Choosing Customer Experience Management Software
To manage customer experiences across the entire customer life cycle, organizations need customer experience management software solutions that help manage content, data and other core services across the marketing, commerce and customer service functions of an organization. Given the wide array of platforms and product portfolios available, it can be difficult to choose the right platform(s) for your organization’s needs.
A good place to start your search is The Forrester Wave™: Digital Experience Platforms, Q4 2015, in which Forrester analysts Mark Grannan, Ted Schadler and Stephen Powers break down the strengths and weaknesses of ten DX platform leaders. Grannan and Schadler elaborate further in their webinar Who Won the Digital Experience Platform Race? Hint: It’s Not Over Yet.
The analysts found that most DX platforms do one part of digital experience delivery really well while falling short in one or more of the other areas. We’ve previously noted the lack of an effective end-to-end CX solution and that weak integration is the root of the problem. Because of this, and because it will take some time – perhaps as long as 10 years, according to Schadler – for DX platforms to fully mature, you will still need more than one solution in order to be able to manage your customer experience with equal strength across the entire customer life cycle.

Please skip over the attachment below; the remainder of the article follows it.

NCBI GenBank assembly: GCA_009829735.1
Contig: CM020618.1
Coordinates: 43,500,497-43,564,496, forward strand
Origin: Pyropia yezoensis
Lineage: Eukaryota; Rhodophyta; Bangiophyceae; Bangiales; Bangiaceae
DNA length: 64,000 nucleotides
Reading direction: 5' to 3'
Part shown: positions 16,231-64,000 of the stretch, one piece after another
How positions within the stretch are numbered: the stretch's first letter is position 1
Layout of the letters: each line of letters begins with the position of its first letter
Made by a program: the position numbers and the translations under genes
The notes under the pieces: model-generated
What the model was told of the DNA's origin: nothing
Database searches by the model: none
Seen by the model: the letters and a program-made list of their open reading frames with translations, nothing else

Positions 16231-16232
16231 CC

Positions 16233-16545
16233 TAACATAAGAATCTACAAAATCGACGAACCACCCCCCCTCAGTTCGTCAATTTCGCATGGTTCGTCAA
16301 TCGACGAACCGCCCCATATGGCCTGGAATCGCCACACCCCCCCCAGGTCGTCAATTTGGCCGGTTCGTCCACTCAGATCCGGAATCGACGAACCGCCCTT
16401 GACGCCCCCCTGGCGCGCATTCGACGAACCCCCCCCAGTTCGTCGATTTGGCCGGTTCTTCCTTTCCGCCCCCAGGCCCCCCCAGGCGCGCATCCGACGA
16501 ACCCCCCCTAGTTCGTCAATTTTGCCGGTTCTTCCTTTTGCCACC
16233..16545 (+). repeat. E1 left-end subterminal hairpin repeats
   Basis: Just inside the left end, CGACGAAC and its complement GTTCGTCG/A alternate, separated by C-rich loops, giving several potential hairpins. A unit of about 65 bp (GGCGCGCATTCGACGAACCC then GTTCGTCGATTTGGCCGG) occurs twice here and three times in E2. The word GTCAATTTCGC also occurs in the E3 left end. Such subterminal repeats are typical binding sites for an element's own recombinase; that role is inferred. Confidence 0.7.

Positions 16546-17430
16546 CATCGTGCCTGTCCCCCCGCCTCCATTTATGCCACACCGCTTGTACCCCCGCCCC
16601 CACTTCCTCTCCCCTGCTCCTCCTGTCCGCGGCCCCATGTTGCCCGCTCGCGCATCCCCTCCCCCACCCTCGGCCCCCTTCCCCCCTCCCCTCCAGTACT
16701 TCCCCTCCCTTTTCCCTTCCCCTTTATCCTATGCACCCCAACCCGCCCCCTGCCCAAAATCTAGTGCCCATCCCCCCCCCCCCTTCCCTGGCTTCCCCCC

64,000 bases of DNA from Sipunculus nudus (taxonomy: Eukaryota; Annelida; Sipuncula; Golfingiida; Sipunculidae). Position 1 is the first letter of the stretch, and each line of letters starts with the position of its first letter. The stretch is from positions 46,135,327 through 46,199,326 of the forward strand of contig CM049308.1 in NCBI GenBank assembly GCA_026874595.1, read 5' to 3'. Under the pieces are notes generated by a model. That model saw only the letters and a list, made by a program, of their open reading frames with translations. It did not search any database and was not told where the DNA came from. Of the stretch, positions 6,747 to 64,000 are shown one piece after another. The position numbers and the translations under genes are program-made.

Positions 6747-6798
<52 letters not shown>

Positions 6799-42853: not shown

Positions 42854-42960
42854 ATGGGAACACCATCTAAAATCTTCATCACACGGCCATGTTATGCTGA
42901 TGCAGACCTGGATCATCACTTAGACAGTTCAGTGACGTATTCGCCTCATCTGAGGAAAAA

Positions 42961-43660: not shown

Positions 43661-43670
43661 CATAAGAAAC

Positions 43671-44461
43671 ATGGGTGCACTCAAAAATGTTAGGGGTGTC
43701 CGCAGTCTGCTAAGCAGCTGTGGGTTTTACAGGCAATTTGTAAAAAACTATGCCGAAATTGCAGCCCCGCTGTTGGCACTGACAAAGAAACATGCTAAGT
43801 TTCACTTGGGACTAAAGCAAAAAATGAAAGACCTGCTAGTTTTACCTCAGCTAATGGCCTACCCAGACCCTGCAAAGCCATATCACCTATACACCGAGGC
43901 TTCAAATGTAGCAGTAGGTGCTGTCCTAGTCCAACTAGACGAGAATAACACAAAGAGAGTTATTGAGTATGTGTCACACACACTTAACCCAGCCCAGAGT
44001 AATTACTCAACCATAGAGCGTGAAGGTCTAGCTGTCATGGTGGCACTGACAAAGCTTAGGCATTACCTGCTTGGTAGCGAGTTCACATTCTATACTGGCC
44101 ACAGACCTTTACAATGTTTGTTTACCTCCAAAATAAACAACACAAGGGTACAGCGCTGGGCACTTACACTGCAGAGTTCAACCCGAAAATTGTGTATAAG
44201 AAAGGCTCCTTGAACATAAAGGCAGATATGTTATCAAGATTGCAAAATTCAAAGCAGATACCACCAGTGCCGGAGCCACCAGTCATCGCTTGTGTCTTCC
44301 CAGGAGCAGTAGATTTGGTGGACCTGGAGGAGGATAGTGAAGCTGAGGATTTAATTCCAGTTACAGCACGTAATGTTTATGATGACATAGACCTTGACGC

Top DX Platforms from a CCM Point of View
Based on the Wave and webinar, as well as our observations and experiences at Topdown, it’s clear the biggest gap in most top DX portfolios is in the Service area, followed by weaknesses in their ability to share customer data and content. Which means that’s where you’ll have to shop for supplemental solutions to shore up your main DX platform’s shortfalls.
In our view, customer communications management (CCM) is a Service application. So let’s take a look at each of the ten vendors Forrester evaluated, but from a CCM point of view.
Adobe: The strongest DX platform overall by Forrester’s estimation, the Adobe portfolio’s greatest strength is in Marketing, with weaker support for Commerce and Service at present. The good news is that Adobe works better than most with Service partners, so there’s a good chance you’ll be able to integrate a strong CCM solution with Adobe’s marketing-centric platform to share data and content between them.
Salesforce: With strategic acquisitions over the past few years, Salesforce is another platform strong on Marketing with complementary offerings in Commerce and Service. However, it needs more integration. It does not have its own delivery tier in the form of a WCM or e-commerce engine, for example, which means it too falls short on its ability to share content and customer data.
Oracle: One of the most aggressive acquirers in the DX platform game, Oracle has perhaps the broadest range of solutions in its portfolio. However, the rapidity of its acquisitions means Oracle hasn’t had time to integrate its solutions well, and the portfolio hasn’t had the opportunity to mature into smooth across-the-board functionality.
IBM: With a broader definition of digital experience, IBM’s platform covers consumer, business customer, partner, and employee experiences. Strong in most areas, like many others it falls short in Service and customer data, requiring supplementation for the foreseeable future.